Everyone has different tools and techniques to create a filled cupcake, and we Crusaders thought it might be fun to test different filling tools. Having baked and filled cupcakes for over a year now, you’d think I would have fancy tools to cut out the “plug” (aka the piece of the cupcake that you take out so you can fill it) but I don’t. A small curved pairing knife that my Nona gave me has always been my tool of choice, so this tool test gave me the perfect excuse to buy some fun new kitchen items. After reviewing suggestions from our Facebook page, Crusaders Jenn, Stacy, and I decided which tools we would test, and I set out to bake some cupcakes.
I found the Betty Crocker box of the Hot Chocolate cupcakes (which Crusader Stacy had made and reviewed) for half price and decided to use them for my test cupcakes. Once the cupcakes were baked and cooled it was time to put my tools to the test.
While this really did a fantastic job of removing a perfect plug, I think the amount of cake it takes out is too large. It seemed as though there was so little cake left around the edges that it might not stay together when you pulled the wrapper down. If the diameter of the plunger were just a little smaller, this would be the perfect filling tool, especially because the push plunger makes removing the cake plug super easy.
I only just got the mini and large scoops for Christmas, so having a chance to use the mini for this tool test was exciting. Sadly, it didn’t work perfectly. You really have to use your fingers to hold the cake while you scoop and then the filling hole it creates is too shallow and wide, again diameter is an issue.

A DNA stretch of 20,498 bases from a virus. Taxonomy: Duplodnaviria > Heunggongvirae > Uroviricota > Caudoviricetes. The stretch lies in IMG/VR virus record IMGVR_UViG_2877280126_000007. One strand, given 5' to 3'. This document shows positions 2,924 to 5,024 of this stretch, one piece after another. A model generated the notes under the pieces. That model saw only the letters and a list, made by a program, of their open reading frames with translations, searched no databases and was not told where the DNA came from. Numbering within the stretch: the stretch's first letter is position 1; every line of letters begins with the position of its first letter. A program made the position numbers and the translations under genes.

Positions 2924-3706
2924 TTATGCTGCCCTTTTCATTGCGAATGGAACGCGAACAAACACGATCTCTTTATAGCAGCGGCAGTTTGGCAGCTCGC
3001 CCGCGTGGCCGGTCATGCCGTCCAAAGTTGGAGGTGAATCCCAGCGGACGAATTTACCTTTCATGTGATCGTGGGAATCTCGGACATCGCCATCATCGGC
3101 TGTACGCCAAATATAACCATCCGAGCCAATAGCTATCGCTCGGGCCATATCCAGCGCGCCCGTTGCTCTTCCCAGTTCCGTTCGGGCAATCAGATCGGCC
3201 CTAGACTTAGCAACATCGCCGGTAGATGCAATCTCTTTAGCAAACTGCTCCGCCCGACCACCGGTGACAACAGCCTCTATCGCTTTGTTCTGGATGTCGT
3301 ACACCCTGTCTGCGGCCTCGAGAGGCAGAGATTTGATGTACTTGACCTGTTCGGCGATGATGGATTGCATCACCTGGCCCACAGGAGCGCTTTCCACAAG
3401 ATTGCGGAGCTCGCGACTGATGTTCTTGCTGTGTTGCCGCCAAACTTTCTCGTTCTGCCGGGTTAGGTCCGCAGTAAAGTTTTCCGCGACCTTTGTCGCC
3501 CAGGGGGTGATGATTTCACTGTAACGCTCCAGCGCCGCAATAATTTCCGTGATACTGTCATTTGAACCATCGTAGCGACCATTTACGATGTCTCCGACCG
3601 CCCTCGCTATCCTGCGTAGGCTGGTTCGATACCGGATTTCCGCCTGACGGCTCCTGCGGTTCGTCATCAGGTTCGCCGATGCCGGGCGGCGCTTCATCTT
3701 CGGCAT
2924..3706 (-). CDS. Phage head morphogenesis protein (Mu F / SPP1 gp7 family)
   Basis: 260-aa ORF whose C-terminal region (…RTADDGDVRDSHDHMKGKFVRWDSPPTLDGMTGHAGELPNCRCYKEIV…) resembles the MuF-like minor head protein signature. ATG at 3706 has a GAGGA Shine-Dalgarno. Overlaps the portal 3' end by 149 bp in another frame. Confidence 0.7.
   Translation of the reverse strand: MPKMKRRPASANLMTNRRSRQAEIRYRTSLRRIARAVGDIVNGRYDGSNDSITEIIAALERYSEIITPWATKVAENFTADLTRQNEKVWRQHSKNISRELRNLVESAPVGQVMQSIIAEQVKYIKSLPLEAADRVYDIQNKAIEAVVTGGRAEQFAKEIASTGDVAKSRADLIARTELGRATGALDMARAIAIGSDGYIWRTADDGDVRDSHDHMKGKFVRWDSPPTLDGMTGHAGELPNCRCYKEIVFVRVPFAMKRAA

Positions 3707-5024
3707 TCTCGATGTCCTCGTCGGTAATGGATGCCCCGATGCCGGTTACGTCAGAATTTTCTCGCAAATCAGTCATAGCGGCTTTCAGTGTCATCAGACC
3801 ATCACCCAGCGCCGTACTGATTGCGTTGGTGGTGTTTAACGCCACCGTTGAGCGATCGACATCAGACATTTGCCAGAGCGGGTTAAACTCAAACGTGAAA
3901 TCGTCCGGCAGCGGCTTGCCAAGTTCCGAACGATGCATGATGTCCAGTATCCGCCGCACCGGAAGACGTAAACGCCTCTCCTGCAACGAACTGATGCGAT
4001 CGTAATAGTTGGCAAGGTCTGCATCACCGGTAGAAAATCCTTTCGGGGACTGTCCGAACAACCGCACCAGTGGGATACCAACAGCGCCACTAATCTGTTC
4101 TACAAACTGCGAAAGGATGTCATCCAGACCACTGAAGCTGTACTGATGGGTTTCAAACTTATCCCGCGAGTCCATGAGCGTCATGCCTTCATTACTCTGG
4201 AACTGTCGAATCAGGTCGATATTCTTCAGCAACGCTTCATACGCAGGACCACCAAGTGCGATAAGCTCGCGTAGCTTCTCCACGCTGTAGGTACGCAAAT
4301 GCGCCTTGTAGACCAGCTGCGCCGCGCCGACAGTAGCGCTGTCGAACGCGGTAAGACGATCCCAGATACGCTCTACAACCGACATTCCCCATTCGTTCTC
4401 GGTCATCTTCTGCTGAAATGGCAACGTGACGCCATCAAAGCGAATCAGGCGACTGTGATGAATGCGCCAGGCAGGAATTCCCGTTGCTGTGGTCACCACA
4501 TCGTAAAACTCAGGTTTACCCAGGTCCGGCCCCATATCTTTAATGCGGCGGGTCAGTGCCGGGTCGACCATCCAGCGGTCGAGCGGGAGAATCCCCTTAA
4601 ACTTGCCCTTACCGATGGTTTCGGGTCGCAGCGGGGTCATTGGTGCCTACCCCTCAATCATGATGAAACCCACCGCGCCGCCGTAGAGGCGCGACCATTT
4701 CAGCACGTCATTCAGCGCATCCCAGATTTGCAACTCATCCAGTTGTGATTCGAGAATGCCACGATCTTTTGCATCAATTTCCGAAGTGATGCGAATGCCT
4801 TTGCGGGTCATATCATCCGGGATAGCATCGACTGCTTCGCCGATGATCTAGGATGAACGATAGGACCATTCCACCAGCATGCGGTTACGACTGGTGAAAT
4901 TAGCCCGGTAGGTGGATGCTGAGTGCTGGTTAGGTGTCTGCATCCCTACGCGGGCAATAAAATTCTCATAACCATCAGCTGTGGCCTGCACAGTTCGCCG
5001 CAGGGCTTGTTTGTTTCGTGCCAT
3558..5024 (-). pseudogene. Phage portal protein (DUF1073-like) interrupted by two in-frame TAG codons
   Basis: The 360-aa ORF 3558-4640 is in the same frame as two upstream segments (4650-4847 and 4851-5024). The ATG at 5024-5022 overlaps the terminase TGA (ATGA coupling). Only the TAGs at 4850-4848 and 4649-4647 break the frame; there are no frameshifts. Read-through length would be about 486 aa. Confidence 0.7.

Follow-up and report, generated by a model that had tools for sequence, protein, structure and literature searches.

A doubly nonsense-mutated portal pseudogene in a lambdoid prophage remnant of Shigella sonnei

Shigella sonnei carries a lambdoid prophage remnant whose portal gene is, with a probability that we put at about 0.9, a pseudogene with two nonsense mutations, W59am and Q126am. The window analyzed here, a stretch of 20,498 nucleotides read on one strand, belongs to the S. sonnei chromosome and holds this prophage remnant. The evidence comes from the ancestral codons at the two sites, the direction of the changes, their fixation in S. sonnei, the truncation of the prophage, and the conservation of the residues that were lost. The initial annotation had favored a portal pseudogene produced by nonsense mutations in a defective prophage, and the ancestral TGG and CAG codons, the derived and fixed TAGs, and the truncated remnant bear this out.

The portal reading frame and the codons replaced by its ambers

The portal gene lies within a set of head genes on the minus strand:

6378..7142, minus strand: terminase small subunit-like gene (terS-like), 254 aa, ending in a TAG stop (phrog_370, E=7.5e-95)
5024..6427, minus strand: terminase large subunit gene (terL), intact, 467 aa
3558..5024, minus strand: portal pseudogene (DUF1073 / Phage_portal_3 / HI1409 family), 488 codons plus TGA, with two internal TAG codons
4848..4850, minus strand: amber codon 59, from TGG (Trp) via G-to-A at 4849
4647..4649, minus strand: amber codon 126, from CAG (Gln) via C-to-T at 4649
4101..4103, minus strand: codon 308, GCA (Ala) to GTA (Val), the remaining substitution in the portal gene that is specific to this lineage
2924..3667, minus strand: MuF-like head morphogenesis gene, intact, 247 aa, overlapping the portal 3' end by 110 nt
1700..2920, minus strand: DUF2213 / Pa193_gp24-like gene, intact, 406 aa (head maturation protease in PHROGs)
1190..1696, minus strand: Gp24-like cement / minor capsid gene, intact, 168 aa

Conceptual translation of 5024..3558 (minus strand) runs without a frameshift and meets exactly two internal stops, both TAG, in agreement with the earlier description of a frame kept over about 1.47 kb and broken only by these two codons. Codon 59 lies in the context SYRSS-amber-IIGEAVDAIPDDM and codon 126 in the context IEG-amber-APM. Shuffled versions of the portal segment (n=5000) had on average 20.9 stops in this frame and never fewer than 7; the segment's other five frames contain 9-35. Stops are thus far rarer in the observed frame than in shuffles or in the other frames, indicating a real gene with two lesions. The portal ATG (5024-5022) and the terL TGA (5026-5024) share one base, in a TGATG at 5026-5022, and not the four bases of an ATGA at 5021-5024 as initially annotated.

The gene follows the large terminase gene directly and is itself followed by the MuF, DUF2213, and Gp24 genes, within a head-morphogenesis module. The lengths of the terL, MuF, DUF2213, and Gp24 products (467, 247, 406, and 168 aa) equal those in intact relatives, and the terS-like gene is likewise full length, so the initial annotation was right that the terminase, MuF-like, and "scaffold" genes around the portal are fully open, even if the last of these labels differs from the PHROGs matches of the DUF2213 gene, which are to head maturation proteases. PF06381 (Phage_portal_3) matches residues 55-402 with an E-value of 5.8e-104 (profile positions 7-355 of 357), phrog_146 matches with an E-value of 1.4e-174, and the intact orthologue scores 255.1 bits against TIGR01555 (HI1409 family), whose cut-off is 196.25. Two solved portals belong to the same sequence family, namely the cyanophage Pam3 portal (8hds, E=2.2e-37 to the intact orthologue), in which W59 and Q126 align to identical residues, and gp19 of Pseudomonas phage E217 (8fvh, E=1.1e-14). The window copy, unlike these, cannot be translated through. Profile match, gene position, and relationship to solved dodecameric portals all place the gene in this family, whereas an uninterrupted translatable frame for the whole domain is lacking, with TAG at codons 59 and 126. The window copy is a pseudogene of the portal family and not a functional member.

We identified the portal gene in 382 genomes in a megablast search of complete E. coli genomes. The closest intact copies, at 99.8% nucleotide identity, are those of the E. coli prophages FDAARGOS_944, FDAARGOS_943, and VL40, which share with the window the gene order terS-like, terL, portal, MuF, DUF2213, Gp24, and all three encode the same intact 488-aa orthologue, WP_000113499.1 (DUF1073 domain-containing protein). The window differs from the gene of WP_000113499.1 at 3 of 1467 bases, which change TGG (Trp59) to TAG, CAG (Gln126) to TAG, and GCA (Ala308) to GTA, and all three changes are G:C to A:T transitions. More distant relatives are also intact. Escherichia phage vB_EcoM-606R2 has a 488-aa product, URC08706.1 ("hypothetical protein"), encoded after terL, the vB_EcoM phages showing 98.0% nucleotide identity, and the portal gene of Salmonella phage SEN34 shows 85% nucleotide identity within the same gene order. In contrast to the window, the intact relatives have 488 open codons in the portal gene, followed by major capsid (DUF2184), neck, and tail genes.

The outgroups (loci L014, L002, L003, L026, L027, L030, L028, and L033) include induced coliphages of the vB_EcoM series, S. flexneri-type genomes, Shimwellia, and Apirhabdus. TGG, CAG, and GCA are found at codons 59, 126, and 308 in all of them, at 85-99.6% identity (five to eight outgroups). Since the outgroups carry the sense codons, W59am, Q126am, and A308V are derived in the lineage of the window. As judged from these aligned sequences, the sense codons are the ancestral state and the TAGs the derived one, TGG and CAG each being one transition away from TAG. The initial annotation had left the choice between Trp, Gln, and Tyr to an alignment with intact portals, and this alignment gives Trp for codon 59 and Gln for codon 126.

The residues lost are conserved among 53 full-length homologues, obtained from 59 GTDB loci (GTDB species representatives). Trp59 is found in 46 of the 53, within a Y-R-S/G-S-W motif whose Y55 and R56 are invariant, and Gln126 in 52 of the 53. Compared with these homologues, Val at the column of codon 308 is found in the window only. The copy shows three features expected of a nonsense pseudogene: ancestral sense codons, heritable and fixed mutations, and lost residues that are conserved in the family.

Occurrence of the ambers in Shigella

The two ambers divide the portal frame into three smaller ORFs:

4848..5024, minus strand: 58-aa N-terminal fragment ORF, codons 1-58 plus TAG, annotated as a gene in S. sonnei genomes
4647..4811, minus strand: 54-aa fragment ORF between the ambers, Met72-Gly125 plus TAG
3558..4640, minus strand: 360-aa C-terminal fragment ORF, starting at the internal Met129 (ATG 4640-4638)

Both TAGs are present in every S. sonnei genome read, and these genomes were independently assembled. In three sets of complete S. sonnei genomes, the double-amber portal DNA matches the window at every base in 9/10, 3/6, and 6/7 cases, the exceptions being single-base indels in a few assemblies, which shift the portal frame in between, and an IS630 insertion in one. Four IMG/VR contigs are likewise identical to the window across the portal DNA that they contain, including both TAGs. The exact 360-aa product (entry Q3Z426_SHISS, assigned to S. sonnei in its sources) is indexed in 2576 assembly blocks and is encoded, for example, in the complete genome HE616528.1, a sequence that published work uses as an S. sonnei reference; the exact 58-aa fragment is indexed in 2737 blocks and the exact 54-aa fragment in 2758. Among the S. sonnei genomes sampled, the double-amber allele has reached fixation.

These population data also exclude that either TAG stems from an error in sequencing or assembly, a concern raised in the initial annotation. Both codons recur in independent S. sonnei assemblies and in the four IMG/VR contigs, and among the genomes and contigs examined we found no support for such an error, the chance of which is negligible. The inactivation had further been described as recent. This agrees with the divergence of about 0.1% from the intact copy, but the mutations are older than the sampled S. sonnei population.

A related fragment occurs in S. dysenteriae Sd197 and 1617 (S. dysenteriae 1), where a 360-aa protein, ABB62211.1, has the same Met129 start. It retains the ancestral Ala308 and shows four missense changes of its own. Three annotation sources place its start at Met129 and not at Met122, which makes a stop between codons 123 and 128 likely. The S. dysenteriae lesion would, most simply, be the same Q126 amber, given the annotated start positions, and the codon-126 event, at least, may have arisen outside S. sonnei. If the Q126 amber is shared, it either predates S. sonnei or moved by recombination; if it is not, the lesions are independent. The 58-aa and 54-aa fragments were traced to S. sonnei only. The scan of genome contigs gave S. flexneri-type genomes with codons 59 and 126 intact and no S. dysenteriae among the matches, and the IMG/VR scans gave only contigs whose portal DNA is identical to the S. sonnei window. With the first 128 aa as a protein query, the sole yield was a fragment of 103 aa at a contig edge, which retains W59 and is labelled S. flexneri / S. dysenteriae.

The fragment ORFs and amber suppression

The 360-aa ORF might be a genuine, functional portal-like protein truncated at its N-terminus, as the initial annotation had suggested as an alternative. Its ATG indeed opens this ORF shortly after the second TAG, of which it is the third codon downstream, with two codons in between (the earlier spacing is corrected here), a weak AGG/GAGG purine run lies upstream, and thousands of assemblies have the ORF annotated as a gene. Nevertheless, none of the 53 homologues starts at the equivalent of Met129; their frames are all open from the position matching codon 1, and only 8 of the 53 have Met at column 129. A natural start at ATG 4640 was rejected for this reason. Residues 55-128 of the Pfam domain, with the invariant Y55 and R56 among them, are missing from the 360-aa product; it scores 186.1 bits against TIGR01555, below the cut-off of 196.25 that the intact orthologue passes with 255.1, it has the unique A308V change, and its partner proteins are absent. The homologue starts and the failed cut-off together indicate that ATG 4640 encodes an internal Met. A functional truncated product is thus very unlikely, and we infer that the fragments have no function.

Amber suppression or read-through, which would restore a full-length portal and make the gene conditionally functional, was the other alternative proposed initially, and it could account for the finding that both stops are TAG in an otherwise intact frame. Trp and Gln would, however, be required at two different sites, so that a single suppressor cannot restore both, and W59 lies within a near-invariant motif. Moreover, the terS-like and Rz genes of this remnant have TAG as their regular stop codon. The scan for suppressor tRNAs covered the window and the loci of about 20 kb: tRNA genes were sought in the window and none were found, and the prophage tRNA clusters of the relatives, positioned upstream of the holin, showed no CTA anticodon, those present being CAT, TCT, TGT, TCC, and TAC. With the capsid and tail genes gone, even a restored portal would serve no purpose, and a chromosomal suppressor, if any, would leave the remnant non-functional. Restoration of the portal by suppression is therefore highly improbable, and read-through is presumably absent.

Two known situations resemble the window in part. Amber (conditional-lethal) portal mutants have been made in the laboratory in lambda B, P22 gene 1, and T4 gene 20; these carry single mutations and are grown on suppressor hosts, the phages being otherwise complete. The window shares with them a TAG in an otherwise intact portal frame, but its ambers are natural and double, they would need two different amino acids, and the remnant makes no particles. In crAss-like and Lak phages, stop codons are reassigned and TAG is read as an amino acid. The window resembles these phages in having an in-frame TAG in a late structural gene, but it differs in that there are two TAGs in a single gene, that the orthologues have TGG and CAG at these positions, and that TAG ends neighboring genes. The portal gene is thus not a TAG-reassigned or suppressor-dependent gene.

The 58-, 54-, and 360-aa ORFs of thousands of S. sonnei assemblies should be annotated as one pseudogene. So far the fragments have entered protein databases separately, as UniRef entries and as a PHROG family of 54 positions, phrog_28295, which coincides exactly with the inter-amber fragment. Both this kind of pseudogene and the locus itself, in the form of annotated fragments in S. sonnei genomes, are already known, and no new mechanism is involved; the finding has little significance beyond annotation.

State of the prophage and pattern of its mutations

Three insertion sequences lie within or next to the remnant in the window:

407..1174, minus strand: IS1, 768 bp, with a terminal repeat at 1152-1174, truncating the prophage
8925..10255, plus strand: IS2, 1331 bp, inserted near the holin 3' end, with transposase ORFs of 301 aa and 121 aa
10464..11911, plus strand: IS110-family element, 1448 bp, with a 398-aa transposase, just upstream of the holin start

Who would have thought, a melon baller?! The melon baller I purchased has two ends, one large, one small, so I used the small one as the test. Similar to the small scoop, I had to use my hand to hold the cake while scooping. This did create a smaller filling area, but still felt a bit too shallow for the perfect filling amount. Not a bad little tool to have though, and now I can make those cute little melon balls this summer.
This was an interesting suggestion, but one that worked pretty well. The larger tip easily pushed down into the cake and removed the plug, but getting the cake out of the tip was the harder part. Using a toothpick made it a little easier, but the plug still ended up breaking into two pieces. Not a total tragedy, but not the easiest tool when you have to have another implement to help you clean out the cake plug.
I was very skeptical about this, but was also very excited to purchase this tool… and my excitement rose when I used the apple corer to create the filling hole. Not only does the corer cut right through the cake, but because it is has an opening you can push the plug right through the bottom. It creates a very uniform hole and you can also make it as deep as you’d like. This might create a hole that is a little smaller in diameter, but it works very well.
Having had lots of practice with this tool, it didn’t fail me in this tool test. What’s nice about cutting the plug out with a little knife is you have complete control over how wide and deep a plug you cut, creating the perfect amount of space for your filling. This might be the simplest tool, but it is still my favorite of the bunch.
(The finished hot chocolate cupcake! Filled with marshmallow fluff, WOW were these good)
None of our tools were failures, they all made room for filling, but some did work better than others. The best tool really does depend on what size you would like the filling hole to be and how much filling you want in the cupcake. Or perhaps you are just set in your ways like me, and prefer using a trusted tool and technique. Either way, I’m looking forward to using all of these tools for other baking and cooking experiments. I’ve already thought of other ways to use the cupcake plunger (cookie cutter anyone?) and can’t wait to core some apples.
Next tools to test: what tool to use to put filling into that hole! I use a tiny spoon or a piping bag… but who knows what our readers and followers might suggest!
– Posted by Cupcake Crusader, Elisa (Baltimore, MD)